Education in Morocco
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Background of Education System
It was in the year 1963 that education was made compulsory for all Moroccan children between the ages of 6 through 13 and during this time all subjects were Arabized in the first and second grades, while French was maintained as the language of instruction of maths and science in both primary and secondary levels. Later, to meet the rising demand for secondary education in 1970s, Morocco imported French speaking teachers from countries such as France, Romania, and Bulgaria to teach maths and sciences, and Arab teachers to teach humanities and social studies. By 1989, Arabization of all subjects across all grades in both primary and secondary education was accomplished. However, French was maintained the medium of instruction for scientific subjects in technical and professional secondary schools, technical institutes and universities.
The government has taken several reforms to improve the access of education and reduce regional differences in the provision of education. The King announced the period between 1999–2009 years as the “Education Decade.”During this time the government’s reform initiative focused on five main themes to facilitate the role of knowledge in economic development; the key themes were education, governance, private sector development, e-commerce and access. Also with the help of the World Bank and other multilateral agencies Morocco has succeeded to improve the basic education system.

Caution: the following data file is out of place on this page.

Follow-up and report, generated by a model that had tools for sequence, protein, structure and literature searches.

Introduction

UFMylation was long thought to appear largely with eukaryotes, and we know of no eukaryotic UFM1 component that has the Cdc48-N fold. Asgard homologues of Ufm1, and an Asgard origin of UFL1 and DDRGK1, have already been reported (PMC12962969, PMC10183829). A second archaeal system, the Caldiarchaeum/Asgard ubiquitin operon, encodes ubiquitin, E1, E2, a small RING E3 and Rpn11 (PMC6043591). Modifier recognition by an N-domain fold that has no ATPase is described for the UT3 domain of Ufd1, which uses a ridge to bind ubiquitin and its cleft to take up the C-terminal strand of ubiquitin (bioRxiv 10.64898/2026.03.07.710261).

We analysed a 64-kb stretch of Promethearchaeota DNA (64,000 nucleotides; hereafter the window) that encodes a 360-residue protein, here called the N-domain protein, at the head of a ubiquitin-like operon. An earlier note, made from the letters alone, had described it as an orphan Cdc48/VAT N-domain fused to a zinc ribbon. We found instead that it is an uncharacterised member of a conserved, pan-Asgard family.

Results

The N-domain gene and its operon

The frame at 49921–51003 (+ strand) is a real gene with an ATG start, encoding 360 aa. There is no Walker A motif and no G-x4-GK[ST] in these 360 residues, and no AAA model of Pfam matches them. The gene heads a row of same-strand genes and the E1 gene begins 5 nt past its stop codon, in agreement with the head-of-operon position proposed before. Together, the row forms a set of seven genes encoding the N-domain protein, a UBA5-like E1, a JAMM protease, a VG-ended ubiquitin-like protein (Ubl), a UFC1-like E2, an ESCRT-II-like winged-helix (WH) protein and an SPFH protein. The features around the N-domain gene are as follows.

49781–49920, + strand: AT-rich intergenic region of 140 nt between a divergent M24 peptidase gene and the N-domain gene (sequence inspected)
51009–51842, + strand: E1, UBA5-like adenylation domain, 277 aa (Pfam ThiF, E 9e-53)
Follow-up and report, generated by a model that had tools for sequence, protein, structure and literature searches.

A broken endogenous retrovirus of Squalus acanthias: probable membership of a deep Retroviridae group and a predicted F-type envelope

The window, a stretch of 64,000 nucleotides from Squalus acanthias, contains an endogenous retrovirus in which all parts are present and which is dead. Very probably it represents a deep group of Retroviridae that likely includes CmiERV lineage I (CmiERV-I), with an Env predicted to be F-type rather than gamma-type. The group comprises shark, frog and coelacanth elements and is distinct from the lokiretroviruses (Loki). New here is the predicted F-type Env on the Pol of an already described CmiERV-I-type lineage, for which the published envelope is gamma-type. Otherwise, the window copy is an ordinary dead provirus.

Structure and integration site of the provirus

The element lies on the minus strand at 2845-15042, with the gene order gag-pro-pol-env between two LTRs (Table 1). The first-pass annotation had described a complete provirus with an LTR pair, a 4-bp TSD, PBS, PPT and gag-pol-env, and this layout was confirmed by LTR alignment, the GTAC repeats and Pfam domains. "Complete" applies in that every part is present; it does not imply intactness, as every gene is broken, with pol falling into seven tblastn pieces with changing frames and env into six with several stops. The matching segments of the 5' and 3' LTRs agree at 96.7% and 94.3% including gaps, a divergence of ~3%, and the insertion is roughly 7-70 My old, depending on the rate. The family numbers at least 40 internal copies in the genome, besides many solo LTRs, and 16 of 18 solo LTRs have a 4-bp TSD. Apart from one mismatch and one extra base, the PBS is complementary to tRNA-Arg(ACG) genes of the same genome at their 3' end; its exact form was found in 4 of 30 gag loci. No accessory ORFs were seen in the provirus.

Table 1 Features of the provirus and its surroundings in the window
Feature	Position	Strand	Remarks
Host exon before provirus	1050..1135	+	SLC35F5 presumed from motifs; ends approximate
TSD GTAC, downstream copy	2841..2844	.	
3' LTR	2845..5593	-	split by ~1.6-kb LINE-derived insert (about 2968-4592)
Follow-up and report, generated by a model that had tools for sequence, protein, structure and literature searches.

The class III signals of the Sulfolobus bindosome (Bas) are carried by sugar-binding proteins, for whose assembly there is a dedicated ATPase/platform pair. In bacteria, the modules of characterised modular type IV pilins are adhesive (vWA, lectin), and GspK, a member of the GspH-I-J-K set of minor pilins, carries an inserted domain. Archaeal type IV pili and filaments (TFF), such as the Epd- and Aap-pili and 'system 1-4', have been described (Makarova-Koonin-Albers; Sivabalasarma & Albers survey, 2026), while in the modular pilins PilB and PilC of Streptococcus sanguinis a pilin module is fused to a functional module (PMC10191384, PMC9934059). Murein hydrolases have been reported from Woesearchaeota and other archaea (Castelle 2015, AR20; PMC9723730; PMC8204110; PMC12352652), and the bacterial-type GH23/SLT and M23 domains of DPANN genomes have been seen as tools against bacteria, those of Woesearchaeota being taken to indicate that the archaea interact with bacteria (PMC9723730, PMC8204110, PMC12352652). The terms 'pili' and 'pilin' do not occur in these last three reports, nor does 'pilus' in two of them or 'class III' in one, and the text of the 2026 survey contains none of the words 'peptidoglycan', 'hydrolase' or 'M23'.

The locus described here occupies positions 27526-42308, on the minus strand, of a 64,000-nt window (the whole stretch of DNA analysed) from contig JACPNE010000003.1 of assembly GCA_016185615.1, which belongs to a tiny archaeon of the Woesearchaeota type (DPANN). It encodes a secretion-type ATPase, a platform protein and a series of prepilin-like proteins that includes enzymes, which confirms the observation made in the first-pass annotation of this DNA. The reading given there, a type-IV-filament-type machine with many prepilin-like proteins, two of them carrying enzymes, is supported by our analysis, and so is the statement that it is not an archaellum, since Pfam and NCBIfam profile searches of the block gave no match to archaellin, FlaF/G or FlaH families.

Education Management System in Morocco
The education system in Morocco is composed of pre-school, primary, secondary and tertiary levels. Government efforts to increase the availability of education services have led to increased access at all levels of education. Morocco’s education system consists of 6 years of primary, 3 years of lower-middle / intermediate school, 3 years of upper secondary, and a tertiary education . The education system in Morocco is under the purview of the Ministry of National Education (MNE) and Ministry of Higher Education and Executive Training. The Ministry of National Education decentralized its functions to regional levels created in 1999 when 72 provinces were subsumed into 16 regional administrative units. Then the responsibility of the provision of education services has been slowly devolving to the regional level. This decentralization process will ensure that education programs are responsive to regional needs and the budget is administered locally. Each region has a Regional Academy for Education and Training and a regional director who is senior to provincial delegates within the region. The regional academies will also be responsible for developing 30 percent of the curriculum so that it is locally relevant. The central level of the MNE continues to manage the other 70 percent. Also the Delegations are charged with providing services for education in their regions.